The Supplemental Nutrition Assistance Program (SNAP), formerly known as food stamps, played a key role in helping cushion Kentucky’s economy from the depths of the Great Recession. It continues to be a critical lifeline and economic stimulus for people and parts of the state facing ongoing economic challenges.
SNAP is designed to automatically help boost the economy when it falters. More people become eligible for the program when jobs are lost and incomes decline. That feature both supports families during hard times and counteracts the economic drag of lower spending.
The recent history of SNAP in Kentucky makes this clear. Between 2008 and 2013 — as the Great Recession hit and its effects lingered — the number of Kentuckians receiving SNAP benefits increased by 221,000. But as the economy improved since then, the number of SNAP recipients fell by 25 percent and returned to its level before the recession hit.
Source: Cabinet for Health and Family Services.
Without SNAP kicking in, recessions would be deeper, longer and more painful. As the Center on Budget and Policy Priorities reports, “after unemployment insurance, SNAP is the most responsive federal program providing additional assistance during downturns.”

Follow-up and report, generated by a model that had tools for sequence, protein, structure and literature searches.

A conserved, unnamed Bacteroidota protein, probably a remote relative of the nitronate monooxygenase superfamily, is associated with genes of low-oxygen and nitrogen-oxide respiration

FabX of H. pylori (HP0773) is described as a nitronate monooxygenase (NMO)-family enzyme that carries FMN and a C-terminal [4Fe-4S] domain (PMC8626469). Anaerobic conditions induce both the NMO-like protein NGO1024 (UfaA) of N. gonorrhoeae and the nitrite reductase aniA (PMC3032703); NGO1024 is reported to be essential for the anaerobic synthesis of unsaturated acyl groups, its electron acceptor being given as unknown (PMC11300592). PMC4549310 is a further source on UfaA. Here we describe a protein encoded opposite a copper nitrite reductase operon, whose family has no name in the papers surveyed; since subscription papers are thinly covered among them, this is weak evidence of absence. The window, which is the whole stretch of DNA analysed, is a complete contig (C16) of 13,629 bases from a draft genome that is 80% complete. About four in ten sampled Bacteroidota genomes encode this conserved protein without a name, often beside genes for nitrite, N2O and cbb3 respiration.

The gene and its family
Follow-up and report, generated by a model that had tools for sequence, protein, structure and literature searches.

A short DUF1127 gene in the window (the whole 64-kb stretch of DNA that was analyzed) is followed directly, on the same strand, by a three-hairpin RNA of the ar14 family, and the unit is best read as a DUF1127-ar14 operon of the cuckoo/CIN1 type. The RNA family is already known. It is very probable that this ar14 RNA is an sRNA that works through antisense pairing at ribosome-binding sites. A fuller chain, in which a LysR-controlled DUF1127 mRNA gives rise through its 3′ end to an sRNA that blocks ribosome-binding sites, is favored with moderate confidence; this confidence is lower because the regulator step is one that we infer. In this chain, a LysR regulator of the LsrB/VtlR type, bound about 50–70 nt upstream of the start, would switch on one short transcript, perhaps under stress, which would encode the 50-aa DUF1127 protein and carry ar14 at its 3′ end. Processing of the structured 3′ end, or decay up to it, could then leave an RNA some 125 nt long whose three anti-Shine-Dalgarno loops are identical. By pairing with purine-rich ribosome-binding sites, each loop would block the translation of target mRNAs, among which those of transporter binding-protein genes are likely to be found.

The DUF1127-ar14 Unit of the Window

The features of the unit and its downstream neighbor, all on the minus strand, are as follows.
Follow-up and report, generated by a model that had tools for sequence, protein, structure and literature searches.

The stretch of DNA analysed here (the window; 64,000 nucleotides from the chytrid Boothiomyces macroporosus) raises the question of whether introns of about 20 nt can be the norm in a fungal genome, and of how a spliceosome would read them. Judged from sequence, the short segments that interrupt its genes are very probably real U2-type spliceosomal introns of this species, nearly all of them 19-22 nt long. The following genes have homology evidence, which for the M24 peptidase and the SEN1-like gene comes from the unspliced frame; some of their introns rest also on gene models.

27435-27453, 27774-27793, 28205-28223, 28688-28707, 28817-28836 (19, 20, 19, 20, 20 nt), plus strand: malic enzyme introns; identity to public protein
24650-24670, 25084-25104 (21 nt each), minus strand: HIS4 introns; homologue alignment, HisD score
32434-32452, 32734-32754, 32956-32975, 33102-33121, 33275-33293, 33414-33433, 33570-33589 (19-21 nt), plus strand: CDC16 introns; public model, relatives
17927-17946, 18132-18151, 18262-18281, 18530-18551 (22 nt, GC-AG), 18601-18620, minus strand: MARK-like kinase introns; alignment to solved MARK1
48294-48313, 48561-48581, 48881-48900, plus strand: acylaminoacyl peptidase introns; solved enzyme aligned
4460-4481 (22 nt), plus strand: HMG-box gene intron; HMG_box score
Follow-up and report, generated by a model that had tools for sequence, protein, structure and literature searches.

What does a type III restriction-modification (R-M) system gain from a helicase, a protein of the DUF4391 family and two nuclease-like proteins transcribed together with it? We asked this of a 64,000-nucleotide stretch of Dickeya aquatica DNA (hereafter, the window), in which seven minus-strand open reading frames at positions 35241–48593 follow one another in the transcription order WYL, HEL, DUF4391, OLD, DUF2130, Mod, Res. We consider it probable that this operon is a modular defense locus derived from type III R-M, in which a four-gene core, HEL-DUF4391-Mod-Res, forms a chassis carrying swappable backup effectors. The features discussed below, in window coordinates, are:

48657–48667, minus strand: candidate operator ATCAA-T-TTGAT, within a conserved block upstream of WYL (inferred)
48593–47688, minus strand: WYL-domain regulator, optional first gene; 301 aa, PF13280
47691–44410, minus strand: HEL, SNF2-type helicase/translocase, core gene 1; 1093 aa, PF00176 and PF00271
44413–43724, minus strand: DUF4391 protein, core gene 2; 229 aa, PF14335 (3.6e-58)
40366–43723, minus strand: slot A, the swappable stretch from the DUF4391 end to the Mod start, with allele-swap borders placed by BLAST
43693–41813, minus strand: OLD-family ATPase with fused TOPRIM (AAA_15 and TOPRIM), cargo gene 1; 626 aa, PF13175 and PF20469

This role for SNAP also extends to economic problems that crop up at a local level. While SNAP enrollment has fallen across the state since 2013, the decline has been greater in counties experiencing a more robust recovery while the program has continued to play a larger role in counties facing economic barriers.
Twenty Kentucky counties, many of them in central and northern Kentucky, have had a greater than 30 percent decline in SNAP enrollment over the last three years, even while many of those counties have had growing populations overall. In contrast, 10 eastern Kentucky counties have seen SNAP enrollment decline by a more modest 15 percent or less. And a number of eastern Kentucky counties — including Letcher, Harlan, Perry, Knott, Floyd and Pike — have more people receiving SNAP now than in 2008, despite population loss over that time in those areas.
The loss of coal jobs in those counties beginning in 2012, and the ripple effect in communities, plays a big role in that difference. SNAP picked up some of the slack in local economies and ensured many families could meet basic needs. But the lag in those counties — on top of the longstanding high poverty rates that existed in those places already — underscores the serious need for other public investments to help create jobs and transition the economy.
SNAP does its job very well. In addition to economic stimulus, it protects families from hardship and hunger, reduces the depth of poverty, supports employment and has low error rates and administrative costs. Kentucky would have much to lose if Congress pursues changing the structure of SNAP to a block grant, which would make it unresponsive to economic conditions, or if the state creates barriers to access this vital program.